The following issues are covered in this chapter.
- Change is a constant feature of facility management and the extent to which it can be effectively controlled will be a key factor in the latter’s success.
- Transition is a typical example of change in the context of facility management and is closely connected with procurement. It covers change in the mode of service delivery from insourcing to outsourcing and the reverse situation.
- The scale of transition can be enormous – from a multinational corporation with a global presence wanting to outsource all of its services, to the owner of a single facility where one service provider is to be replaced by another. The principles that apply are the same, but the scale and complexity are very different.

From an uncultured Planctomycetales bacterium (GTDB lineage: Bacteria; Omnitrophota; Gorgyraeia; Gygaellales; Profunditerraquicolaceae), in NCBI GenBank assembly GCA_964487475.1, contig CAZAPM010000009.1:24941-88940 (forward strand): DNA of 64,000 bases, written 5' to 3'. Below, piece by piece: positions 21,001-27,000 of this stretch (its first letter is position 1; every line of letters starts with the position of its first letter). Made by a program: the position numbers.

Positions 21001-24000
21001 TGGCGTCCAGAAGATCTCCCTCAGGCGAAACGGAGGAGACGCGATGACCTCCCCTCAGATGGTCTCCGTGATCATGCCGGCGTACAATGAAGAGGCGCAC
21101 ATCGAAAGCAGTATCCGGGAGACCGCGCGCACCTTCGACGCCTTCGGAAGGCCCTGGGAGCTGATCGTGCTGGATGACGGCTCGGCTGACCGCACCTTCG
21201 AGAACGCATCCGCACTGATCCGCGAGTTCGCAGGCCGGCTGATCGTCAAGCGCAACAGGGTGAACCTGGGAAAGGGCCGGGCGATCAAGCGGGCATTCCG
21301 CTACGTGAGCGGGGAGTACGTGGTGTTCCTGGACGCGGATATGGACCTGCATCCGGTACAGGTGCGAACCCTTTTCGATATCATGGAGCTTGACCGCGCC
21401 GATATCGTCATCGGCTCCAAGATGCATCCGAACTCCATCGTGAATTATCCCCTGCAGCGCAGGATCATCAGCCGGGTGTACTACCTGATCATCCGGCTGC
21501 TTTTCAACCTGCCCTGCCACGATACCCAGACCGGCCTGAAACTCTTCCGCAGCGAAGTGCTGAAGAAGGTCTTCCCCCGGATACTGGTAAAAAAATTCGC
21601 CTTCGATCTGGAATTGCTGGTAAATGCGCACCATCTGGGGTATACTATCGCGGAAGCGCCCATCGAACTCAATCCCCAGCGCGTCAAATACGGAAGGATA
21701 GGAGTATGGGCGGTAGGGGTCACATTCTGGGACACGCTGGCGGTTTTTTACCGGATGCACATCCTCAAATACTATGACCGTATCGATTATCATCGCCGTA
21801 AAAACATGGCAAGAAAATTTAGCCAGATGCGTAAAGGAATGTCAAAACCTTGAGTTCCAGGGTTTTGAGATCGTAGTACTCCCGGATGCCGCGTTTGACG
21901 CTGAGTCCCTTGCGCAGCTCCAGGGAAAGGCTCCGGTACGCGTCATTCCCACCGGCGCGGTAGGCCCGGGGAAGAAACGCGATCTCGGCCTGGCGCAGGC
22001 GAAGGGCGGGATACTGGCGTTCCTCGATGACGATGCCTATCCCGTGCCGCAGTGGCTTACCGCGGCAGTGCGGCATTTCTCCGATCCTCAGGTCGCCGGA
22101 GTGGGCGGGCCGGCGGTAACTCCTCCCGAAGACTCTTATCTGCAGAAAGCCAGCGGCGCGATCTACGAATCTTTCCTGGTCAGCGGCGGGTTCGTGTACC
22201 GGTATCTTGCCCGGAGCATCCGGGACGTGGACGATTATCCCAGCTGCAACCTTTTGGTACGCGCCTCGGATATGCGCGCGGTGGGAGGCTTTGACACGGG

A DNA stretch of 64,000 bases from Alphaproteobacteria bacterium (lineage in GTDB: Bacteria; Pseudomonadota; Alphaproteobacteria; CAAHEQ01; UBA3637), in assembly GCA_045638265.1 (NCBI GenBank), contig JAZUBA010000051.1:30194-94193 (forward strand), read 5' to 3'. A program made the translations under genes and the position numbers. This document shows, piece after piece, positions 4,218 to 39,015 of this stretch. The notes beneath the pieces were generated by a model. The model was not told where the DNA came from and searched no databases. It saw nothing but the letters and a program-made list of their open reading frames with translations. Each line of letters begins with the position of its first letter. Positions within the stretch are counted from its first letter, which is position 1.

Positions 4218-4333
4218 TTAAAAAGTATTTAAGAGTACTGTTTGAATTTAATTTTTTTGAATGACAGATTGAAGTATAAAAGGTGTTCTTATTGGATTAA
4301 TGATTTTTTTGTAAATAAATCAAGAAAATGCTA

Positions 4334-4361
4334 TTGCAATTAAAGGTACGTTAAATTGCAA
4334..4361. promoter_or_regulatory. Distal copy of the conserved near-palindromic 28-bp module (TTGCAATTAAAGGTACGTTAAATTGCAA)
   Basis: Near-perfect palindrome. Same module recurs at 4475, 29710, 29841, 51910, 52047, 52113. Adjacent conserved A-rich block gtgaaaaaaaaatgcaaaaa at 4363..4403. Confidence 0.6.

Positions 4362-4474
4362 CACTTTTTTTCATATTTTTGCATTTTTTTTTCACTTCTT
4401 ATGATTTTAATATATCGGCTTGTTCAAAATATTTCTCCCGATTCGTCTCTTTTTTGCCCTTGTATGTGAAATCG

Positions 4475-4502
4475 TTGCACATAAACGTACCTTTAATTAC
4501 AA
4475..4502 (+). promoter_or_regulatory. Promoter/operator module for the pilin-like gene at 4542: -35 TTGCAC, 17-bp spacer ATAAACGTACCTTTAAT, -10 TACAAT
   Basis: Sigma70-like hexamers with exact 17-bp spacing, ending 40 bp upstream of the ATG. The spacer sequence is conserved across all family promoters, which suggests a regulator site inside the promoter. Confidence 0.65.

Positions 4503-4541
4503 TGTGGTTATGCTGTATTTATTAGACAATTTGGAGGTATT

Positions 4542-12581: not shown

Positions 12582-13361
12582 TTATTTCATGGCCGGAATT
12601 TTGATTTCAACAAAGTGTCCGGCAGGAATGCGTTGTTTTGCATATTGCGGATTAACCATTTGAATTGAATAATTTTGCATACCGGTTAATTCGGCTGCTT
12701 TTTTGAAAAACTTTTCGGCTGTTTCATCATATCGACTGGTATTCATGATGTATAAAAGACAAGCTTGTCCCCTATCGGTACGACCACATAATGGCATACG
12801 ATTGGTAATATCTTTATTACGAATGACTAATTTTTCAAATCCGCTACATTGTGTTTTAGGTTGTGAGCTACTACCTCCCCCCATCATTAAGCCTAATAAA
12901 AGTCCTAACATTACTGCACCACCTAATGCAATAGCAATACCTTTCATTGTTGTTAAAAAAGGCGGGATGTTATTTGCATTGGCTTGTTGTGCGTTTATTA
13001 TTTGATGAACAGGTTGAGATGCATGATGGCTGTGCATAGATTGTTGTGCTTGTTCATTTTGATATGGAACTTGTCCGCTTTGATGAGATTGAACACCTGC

- Transition has to be managed according to a defined plan, because it can involve simultaneously winding down and phasing in/ramping up services, with the potential to disrupt operations and threaten business continuity.
- The most appropriate model for managing transition is to create a project and to prepare a resourced plan for its implementation. Project management tools and techniques should be applied by those with appropriate competence and skill.
- The time, resources and costs involved in transition, including the services involved, have to be estimated as accurately as possible, with sufficient contingency to cover uncertain events or conditions.
- Change is normal, but its consequences can be abnormal for personnel ...